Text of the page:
Every Mother’s Day at the New Jersey Performing Arts Center in Newark, New Jersey, the Alvin Ailey Dance Company performs Revelations to a packed audience of families, from children to senior citizens, as diverse a crowd as one can conjure – peoples of all hues, heritages, faiths, dress, and language. Strongly identified with the particulars of the Christian spiritual tradition the dance invoked a message that moved members of multiple faith traditions. There are universal elements to the story. Those who see in it an affirmation of a particular struggle for civil rights, and those who identify from a less personally direct lineage but from its compelling call to humanity and the human spirit nonetheless. It feels like America at its best, and the moment is decidedly strengthened by the variety of personal histories in the room, as it is also by the commonality of the experience of uplift. There is always a loud and resoundingly prolonged standing ovation, holding out the hope that the moment of collective affirmation will last. Indeed, those are the moments that we want to last in which diversity contributes powerfully to the strength of community. And although it surely isn’t only a day a year that this is evident, it does seem that there are precious too few demonstrations these days of what some might say is the distinctly American ethos, E pluribus unum.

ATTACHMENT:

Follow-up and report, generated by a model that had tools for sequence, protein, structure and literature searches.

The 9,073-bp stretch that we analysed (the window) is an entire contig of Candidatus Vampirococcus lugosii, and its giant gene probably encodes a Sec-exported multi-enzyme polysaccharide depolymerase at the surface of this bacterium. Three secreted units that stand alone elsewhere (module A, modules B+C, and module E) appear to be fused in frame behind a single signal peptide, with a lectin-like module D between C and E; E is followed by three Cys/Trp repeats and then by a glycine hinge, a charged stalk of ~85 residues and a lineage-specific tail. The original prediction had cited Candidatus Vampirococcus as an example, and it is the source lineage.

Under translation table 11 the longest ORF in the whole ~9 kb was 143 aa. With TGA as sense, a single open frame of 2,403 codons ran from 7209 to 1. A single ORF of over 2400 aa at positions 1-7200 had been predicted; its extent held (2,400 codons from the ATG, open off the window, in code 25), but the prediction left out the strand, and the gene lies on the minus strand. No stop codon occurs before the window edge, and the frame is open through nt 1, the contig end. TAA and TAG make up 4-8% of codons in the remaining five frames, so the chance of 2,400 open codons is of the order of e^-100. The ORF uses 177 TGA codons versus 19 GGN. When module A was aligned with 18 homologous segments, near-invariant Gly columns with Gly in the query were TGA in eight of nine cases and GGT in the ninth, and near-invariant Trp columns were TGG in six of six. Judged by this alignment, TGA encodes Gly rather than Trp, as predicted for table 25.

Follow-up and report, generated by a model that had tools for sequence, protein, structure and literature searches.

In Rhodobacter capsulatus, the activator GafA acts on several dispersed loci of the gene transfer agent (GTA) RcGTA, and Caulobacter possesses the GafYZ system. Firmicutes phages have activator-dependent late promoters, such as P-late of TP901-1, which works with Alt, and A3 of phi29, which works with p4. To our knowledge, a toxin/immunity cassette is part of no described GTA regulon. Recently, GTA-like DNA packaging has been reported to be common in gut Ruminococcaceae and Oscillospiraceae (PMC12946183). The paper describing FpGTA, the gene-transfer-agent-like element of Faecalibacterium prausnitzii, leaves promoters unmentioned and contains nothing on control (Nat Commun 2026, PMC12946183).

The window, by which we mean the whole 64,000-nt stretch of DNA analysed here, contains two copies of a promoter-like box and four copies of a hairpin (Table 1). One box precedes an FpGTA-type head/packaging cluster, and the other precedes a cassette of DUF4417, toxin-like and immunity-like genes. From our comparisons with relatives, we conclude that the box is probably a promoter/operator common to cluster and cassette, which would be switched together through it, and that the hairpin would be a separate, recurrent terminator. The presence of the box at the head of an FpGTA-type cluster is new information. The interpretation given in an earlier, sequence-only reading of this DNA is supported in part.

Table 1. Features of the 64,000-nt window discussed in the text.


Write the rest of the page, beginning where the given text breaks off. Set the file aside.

Expanding the American Civic Religious Narrative

In this volume, we turn to what has been foundational to our national identity, emblazoned in our initiating documents as the freedom of religion and the establishment of a government embracing our people’s many faiths and traditions. We tackle what an expanded, inclusive, but not homogenized, civil religious narrative might be in this 21st century America, as Eboo Patel frames the central dilemma of our religiously and ethnically diverse nation. We start with the basic premise of his analysis, that the vibrancy of civic life is enhanced by religious participation and therefore by tolerance for religious diversity in its broadest sense. As his essay and the commentaries in this volume detail, there is no guarantee we are up to the challenge of matching religious diversity and civic tolerance. On the contrary there is every reason to wonder whether the American democratic project, built on a promise of religious diversity and freedom amidst a reality of expectations of assimilation, can stretch and evolve sufficiently to reap the benefits of the insights and talents of new communities of faith in our midst.